'Obamacare' heroin shipment: Massachusetts police snag 1,250 packets of heroin. Why did drug dealers call their heroin 'Obamacare'?
(AP Photo/Massachusetts State Police)
Police say a trooper was making a traffic stop in Northampton when another car passed and he noticed several violations. He stopped the car a short time later in nearby Hatfield and found the driver wasn't licensed to drive it. A state police dog, named 'Frankie' found the bags of heroin, according to a Massachusetts State Police Facebook post.
The four arrested people have been charged with heroin trafficking.
State police Lt. Daniel Richard says it's not unusual for heroin to be stamped with numbers, words or symbols to identify who's selling it. But he says the "Obamacare" stamp is one he hadn't heard of.
Heroin stamps are how dealers brand their product. In 2010, a Manhattan art gallery held an exhibit entitled “Heroin Stamp Project," which displayed 150 stamps. While none in the collection were as overtly political as "Obamacare," pop culture references are common.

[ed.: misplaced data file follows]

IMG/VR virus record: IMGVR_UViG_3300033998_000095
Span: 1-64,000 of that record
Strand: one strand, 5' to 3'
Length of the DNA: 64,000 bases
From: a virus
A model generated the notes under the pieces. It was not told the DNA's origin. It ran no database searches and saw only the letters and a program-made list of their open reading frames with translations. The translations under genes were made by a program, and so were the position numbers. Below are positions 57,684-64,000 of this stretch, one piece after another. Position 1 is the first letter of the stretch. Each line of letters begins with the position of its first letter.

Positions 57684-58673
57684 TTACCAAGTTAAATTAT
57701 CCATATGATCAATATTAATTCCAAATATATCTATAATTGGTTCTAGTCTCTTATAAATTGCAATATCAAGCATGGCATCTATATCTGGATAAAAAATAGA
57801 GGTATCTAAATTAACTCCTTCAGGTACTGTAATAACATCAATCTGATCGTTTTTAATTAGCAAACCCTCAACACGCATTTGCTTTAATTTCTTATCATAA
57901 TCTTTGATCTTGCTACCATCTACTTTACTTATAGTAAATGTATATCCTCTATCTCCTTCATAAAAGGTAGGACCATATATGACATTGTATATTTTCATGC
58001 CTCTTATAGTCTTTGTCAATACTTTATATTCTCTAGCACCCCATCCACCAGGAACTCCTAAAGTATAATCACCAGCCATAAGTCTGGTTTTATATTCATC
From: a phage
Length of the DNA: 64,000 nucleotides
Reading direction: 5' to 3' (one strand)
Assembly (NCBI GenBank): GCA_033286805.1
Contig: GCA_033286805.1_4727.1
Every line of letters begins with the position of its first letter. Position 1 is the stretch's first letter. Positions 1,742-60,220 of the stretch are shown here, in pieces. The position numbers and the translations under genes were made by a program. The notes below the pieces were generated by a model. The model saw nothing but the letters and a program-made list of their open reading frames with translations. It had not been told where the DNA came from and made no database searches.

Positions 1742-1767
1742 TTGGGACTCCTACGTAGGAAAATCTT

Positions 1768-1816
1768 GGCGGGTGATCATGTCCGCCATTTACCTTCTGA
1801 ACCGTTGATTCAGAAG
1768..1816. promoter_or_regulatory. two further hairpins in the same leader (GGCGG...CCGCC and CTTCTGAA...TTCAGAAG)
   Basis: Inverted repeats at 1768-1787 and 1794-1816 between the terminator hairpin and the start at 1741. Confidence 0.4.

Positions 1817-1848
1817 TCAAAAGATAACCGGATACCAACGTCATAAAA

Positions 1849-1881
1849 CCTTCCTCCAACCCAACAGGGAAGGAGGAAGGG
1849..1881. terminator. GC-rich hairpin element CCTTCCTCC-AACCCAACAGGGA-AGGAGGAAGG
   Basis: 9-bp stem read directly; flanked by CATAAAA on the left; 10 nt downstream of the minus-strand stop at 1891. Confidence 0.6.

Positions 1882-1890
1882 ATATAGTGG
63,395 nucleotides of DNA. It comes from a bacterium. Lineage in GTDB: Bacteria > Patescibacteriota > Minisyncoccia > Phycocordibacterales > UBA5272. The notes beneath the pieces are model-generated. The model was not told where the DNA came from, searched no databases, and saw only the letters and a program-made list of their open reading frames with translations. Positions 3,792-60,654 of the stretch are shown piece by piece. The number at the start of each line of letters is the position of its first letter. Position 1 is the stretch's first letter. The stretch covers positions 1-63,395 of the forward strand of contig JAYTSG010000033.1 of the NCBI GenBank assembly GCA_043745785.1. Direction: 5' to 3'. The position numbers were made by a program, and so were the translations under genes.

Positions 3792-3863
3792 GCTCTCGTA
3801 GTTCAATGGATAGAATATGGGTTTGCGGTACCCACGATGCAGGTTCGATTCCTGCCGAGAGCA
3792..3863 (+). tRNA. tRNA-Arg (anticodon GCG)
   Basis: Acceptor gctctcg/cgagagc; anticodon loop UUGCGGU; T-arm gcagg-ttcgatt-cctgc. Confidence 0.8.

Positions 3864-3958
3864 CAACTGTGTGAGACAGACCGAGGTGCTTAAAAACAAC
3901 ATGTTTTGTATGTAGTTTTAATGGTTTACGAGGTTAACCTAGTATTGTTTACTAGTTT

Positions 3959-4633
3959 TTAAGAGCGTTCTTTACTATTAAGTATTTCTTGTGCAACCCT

As The New York Times reported at the time:
The stamps that identify the heroin inside draw on a wide range of references. There are names like White Fang, Time Bomb and Monster Power, which is decorated with an image of the grim reaper with a scythe. There are allusions to religion (Deadly Sin and the Last Temptation), crime (Notorious and Outlaw) and publishing (Life, in white capitals against a red background, and Daily News, along with the old camera logo of that tabloid). There is also a packet stamped with the words “Tango and Cash,” the name attached to a fentanyl-laced brand of heroin that infamously caused 12 fatal overdoses in one weekend in 1991.
Several heroin brands seem to dwell on the delicate balance of mortality that accompanies their use. Those include the Last Shot, Game Over, No Exit and No Pain, which is illustrated with a coffin and a cross.
Some of the readers of the Massachusetts State Police Facebook page had their own take on why drug dealers would label it Obamacare. "Mark Nixon wrote: I guess "if you like your heroin, you CANNOT keep your heroin." That was a reference to President Obama's now infamous promise: "If you like your health care plan, you can keep it."
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